Understanding respiratory drive is crucial in managing critically ill patients. Recent data suggest  high and low respiratory drive can negatively impact patient outcomes. However,  “respiratory drive” can be ambiguous without understanding its determinants and underlying pathophysiology. 


In critically ill patients, ventilatory demands reflected by respiratory centre output per minute (RCO/min) may deviate from actual minute ventilation. Failure to recognise this dissociation could hinder the identification and management of high or low respiratory drive. 


A new review analyses aspects of respiratory drive to facilitate understanding the causes of high and low respiratory drive in spontaneously breathing or mechanically ventilated critically ill patients.


High or low respiratory drive in critically ill patients results from alterations in the brain curve, ventilation curve, and metabolic hyperbola. Hypoxaemia, metabolic acidosis, and lung/chest wall receptor stimulations shift the brain curve leftwards and upwards, while hyperoxaemia, metabolic alkalosis, and sleep or sedation shift it rightwards and downwards. In spontaneously breathing critically ill patients, impaired inspiratory flow-generation pathways shift the ventilation curve downwards and to the right, deviating from the brain curve. 


Mechanical ventilation can shift the ventilation curve left or right depending on the level of assistance provided, impacting respiratory drive. Changes in metabolic rate, influenced by factors such as sepsis and body temperature, alter the metabolic hyperbola, affecting PaCO2 levels and respiratory drive.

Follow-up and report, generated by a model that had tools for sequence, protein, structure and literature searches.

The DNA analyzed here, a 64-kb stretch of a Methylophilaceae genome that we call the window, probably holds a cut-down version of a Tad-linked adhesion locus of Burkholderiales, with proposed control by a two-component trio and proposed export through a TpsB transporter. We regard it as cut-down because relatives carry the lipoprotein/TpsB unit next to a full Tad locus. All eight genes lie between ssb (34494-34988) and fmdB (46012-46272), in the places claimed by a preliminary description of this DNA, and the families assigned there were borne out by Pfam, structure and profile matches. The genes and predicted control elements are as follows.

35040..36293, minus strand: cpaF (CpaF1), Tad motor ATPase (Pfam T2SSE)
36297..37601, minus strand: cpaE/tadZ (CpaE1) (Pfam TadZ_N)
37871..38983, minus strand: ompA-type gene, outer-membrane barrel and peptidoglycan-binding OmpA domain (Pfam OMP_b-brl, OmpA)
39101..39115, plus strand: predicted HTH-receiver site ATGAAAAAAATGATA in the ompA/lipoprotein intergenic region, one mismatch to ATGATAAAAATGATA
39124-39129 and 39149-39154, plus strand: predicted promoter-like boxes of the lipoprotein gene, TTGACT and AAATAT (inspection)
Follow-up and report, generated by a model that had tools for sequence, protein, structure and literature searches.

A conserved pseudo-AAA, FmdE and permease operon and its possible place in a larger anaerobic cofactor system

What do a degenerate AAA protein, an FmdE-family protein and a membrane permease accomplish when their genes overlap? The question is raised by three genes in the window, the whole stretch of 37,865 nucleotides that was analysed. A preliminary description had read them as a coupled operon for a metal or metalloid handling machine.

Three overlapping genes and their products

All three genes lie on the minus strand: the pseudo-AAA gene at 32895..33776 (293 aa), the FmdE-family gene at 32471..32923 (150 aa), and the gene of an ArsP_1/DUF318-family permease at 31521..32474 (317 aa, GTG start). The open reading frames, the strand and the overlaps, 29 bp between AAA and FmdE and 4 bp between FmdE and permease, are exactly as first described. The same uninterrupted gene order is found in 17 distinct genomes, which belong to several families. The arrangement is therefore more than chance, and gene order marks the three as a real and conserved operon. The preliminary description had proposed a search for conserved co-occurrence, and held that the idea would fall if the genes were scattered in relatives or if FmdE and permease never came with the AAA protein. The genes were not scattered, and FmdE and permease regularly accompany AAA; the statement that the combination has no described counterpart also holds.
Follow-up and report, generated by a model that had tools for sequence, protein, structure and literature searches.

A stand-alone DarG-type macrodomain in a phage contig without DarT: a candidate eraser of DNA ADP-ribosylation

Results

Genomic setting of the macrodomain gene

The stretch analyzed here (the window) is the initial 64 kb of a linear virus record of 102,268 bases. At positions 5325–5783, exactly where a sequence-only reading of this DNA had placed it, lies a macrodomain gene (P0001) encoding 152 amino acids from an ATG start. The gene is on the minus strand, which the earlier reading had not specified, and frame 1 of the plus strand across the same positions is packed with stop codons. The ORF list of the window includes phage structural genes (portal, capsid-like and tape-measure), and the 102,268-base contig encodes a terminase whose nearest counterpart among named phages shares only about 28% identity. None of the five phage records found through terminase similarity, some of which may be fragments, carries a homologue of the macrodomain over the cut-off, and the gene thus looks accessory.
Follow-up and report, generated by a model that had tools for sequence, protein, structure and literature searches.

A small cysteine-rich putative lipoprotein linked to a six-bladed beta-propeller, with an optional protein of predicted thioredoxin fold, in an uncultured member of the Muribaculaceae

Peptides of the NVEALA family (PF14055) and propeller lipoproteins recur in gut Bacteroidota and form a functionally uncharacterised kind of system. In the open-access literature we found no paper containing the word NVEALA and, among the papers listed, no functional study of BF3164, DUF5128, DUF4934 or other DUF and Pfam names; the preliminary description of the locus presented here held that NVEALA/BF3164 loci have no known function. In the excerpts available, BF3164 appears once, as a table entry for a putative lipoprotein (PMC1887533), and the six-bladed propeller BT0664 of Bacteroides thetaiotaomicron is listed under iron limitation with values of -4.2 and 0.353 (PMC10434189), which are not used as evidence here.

In a healthy individual, the inspiratory flow-generation pathway is intact, resulting in identical brain and ventilation curves over a wide range of PaCO2 levels. However, the inspiratory flow-generation pathway is compromised in a scenario such as COVID-19 pneumonia with ARDS. 


In unsupported spontaneous breathing, the compromised inspiratory flow-generation pathway results in a lower tidal volume for a given respiratory drive. The brain curve shifts to the left due to increased respiratory centres sensitivity to CO2, while the metabolic hyperbola shifts upward due to increased V’CO2 and VD/VT. This creates a considerable deviation between the brain and ventilation curves. Despite actual hypocapnia, it’s interpreted by the respiratory centres as hypercapnia due to the altered brain curve. This discrepancy leads to increased respiratory drive, manifesting as dyspnea.


The interaction between these curves helps explain the pathophysiology of dyspnoea in patients with conditions like COVID-19 pneumonia and ARDS. This understanding is crucial for effectively managing and treating respiratory distress in critically ill patients.


Estimating respiratory drive in mechanically ventilated patients involves quantifying various indices of motor output. While this process is relatively straightforward in ventilated patients, it’s essential to recognise that diseases affecting the inspiratory flow-generation pathway can lead to underestimation of respiratory drive. 


The respiratory drive can be heightened by factors impairing the inspiratory flow-generation pathway, increasing brain CO2 sensitivity, or shifting the metabolic hyperbola upward. Conversely, it can be lowered by interventions that reduce brain CO2 sensitivity, restore pathway integrity, or shift the metabolic hyperbola downward.


Assessing respiratory drive at the bedside involves considering all factors influencing the curves and understanding their interactions through inductive reasoning. This approach facilitates informed decision-making in managing respiratory abnormalities.


Source: Journal of Intensive Care

Image Credit: iStock 


Georgopoulos D, Bolaki M, Stamatopoulou V et al. (2024) Respiratory drive: a journey from health to disease. Journal of Intensive Care. 12, 15. 

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